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Dress your windows with drapery panels

Dress Your WindowWe needed some pizzazz—and some privacy—in our urban Colonial-style home. And although this was well before HOME, I knew enough to hire a professional. I did not, however, know enough to stop her from designing elaborately swagged and swooped, pinched and pulled custom-fit concoctions that cost more than a small car. When it came time to sell the house and move to our beloved state of Virginia, we sheepishly wrote on the contract: “Window Treatments Convey.”
Live and learn: while some may prefer a one-of-a-kind custom fit, the free-flowing fabric panel is arguably the most classic, versatile option to dress a window. Elegant, adaptable,a nd indeed portable, the drapery panel is a failsafe method to add panache to any room. If I had gone this route, I would not have had to leave behind umpteen custom valances and shades designed for non-standard windows. Whether relocating or
staying put, consider dressing your windows with this design staple. Just think: classic panels can be used in another home, another room, or even amended in their current spot for a new look without starting from scratch. Hemming, lengthening with a band of velvet, adding trim…truly, the options for designing and redesigning panels are endless.
“Panels add softness to a window,” says Kathy Spark, owner of Accent on Windows, a retail showcase and custom workroom in Roanoke. “They frame the window and add a nice contrast to your furniture and carpets.” She says her customers choose drapery panels more than any other window treatment her business offers.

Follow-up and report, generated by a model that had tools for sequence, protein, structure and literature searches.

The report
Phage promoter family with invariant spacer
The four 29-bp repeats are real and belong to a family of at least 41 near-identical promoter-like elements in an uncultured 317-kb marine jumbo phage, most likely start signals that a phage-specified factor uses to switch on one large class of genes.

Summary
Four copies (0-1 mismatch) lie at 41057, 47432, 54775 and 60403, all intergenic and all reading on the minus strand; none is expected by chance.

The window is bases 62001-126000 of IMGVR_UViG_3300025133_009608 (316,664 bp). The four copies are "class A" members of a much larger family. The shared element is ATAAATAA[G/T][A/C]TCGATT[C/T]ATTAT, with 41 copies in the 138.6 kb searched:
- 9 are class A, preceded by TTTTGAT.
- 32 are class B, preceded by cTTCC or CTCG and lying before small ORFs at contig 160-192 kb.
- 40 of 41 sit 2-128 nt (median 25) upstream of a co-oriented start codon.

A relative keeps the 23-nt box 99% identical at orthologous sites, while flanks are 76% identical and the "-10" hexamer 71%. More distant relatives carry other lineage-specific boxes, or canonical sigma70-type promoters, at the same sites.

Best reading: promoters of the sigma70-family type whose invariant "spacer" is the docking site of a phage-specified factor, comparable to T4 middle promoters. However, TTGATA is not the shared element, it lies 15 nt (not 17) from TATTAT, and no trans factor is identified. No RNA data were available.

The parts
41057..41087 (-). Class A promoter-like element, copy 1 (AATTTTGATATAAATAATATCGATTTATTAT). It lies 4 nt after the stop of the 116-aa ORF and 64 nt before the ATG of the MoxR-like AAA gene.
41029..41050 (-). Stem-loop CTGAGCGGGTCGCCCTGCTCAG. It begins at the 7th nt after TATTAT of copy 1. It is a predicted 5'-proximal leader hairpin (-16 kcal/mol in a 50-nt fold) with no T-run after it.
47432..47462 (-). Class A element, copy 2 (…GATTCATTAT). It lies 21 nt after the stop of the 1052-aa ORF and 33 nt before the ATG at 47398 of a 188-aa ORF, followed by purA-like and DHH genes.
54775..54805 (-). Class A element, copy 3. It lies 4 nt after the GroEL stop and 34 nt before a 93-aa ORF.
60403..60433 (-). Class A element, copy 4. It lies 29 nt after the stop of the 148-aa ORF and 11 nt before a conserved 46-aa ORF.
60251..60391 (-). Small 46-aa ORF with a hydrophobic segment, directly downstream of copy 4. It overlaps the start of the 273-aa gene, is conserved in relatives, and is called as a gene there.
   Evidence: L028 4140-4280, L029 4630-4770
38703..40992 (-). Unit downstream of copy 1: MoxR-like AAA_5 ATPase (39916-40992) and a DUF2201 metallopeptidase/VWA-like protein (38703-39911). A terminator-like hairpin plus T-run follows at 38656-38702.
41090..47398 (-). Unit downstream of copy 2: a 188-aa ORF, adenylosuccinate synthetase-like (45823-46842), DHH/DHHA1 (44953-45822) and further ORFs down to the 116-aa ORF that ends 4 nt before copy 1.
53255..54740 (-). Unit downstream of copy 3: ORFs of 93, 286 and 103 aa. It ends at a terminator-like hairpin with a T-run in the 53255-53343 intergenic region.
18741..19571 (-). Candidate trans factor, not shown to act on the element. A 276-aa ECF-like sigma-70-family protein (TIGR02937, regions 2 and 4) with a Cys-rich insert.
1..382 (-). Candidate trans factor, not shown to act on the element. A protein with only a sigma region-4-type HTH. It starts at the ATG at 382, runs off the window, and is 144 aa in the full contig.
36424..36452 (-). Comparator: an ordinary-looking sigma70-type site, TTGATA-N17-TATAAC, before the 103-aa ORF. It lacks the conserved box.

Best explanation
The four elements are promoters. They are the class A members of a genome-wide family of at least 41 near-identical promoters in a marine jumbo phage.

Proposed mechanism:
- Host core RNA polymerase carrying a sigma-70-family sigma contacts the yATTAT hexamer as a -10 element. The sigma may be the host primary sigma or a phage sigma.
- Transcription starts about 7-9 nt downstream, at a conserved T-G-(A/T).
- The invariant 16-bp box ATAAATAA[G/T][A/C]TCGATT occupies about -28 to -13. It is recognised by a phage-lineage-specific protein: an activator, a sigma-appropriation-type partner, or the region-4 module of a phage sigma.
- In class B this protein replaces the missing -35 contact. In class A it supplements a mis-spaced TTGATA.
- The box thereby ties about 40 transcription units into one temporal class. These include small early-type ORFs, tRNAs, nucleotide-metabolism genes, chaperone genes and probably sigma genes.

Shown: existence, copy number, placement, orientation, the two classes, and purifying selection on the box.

Kitty Ailstock of Fox Ridge Interiors—the seamstress of choice for Roanoke’s custom fabric and furniture showcase The French Thistle—also lauds the drapery panel as a great solution for today’s homeowners who want something elegant but understated. “People don’t want anything fussy,” says Ailstock. “They want homes they can live in—homes that are not just a showplace.”
Perfectly PleatedDress Your Windows
Some experts suggest that the key to transforming a humble length of fabric into a work of art is all in the pleats. There are many kinds of pleats: goblet, Euro, tuxedo, inverted, to name a few. Ailstock stands by the basic pinch pleat, saying that it’s making a “big comeback”—and it’s anything but plain. She explains how easy it is to embellish a simple pleat with “jewelry”—a covered button at the base of a pleat, or a bit of